There is an urge to rush to a decision to decide on the future of the “Chief” sign of Toh-Atin Gallery. My thoughts are born of perspective and caution.
With the nitro-infused passion permeating the country now, it’s tempting to vandalize, vilify and rush to action. To the organizations that feel compelled to weigh in and make a decision, I say, take a breath. Delay the gratification of hurried actions and reflect on how we are going to feel about this a year from now.
What is the offensive aspect of the sign? Is it the big goofy smile? Is it the big nose? Is it the blue bell-bottom pants? Is it the feather in the band?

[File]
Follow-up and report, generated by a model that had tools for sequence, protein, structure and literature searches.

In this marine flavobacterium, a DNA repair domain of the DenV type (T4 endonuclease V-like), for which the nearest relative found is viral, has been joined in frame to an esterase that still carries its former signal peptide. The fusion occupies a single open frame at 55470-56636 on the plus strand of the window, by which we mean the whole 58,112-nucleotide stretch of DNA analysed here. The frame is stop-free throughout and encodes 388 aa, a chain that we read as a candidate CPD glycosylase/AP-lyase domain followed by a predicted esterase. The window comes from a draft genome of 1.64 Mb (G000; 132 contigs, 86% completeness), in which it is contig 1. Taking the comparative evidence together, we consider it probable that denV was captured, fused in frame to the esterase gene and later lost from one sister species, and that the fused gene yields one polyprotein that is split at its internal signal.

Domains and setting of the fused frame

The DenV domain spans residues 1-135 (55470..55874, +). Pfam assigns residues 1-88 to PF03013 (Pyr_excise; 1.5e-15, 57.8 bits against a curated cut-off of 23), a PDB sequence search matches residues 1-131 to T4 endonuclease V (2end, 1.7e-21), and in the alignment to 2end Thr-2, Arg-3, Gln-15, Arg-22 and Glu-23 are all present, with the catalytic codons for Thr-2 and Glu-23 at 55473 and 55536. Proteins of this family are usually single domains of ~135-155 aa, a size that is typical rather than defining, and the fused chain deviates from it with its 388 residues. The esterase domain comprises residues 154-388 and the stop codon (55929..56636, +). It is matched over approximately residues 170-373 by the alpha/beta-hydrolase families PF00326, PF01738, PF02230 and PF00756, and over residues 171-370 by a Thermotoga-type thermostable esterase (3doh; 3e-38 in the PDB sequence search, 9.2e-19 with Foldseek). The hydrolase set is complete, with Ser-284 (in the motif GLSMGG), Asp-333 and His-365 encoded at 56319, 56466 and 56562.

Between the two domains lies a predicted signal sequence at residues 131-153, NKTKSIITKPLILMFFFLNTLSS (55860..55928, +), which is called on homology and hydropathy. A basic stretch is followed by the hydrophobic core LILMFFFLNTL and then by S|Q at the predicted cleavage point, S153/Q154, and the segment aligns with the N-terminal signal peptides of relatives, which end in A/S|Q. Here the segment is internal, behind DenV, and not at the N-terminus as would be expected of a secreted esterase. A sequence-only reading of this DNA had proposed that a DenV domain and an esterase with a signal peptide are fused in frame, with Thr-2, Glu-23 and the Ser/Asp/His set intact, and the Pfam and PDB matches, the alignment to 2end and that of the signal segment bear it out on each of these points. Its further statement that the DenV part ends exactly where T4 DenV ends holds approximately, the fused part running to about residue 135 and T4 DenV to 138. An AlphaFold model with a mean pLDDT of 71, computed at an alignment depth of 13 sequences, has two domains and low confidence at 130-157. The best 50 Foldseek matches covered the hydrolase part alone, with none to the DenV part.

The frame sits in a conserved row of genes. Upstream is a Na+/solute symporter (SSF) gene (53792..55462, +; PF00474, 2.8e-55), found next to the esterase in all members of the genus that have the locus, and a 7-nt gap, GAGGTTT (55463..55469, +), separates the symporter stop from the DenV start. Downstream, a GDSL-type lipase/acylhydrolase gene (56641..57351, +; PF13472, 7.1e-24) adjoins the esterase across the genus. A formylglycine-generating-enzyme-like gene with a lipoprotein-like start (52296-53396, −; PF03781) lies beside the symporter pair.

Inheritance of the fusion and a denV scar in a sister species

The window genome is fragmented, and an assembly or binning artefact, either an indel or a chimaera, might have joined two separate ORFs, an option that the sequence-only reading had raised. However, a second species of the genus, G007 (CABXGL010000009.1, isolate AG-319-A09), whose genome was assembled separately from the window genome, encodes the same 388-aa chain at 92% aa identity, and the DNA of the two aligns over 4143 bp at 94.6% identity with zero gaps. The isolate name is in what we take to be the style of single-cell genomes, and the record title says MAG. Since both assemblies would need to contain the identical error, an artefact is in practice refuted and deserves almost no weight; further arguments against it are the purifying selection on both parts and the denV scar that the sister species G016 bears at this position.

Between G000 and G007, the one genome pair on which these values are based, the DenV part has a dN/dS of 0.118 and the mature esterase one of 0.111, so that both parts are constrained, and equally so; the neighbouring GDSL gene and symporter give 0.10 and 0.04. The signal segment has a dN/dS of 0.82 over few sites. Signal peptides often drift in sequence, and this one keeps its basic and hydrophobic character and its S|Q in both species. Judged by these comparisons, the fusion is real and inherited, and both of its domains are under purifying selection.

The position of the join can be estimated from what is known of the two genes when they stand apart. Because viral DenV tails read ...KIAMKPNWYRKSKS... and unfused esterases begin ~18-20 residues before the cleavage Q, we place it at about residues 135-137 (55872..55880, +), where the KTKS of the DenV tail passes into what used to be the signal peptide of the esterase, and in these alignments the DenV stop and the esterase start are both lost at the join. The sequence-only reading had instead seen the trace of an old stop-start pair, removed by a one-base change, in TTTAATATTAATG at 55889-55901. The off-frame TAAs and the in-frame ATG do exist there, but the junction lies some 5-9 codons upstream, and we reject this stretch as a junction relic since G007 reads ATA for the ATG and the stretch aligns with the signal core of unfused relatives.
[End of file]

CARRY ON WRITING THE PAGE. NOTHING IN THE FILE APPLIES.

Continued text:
I have lived here since 1978, so I am at a disadvantage to see the insensitivities represented by the Native American caricature.
Instead of tearing the sign down, can the sign be modified to make it non-offensive? I think it is of the utmost importance to hear from our local Native American population about this – not the recent, gray-haired, sandal-clad Californians; not the fist-in-the-air Fort Lewis forces; but those who are personally affected.
In the volatility of today’s national events, there is a compulsion to do something, to prove something of ethnic understanding and compassion – and then finalize it with retaliation.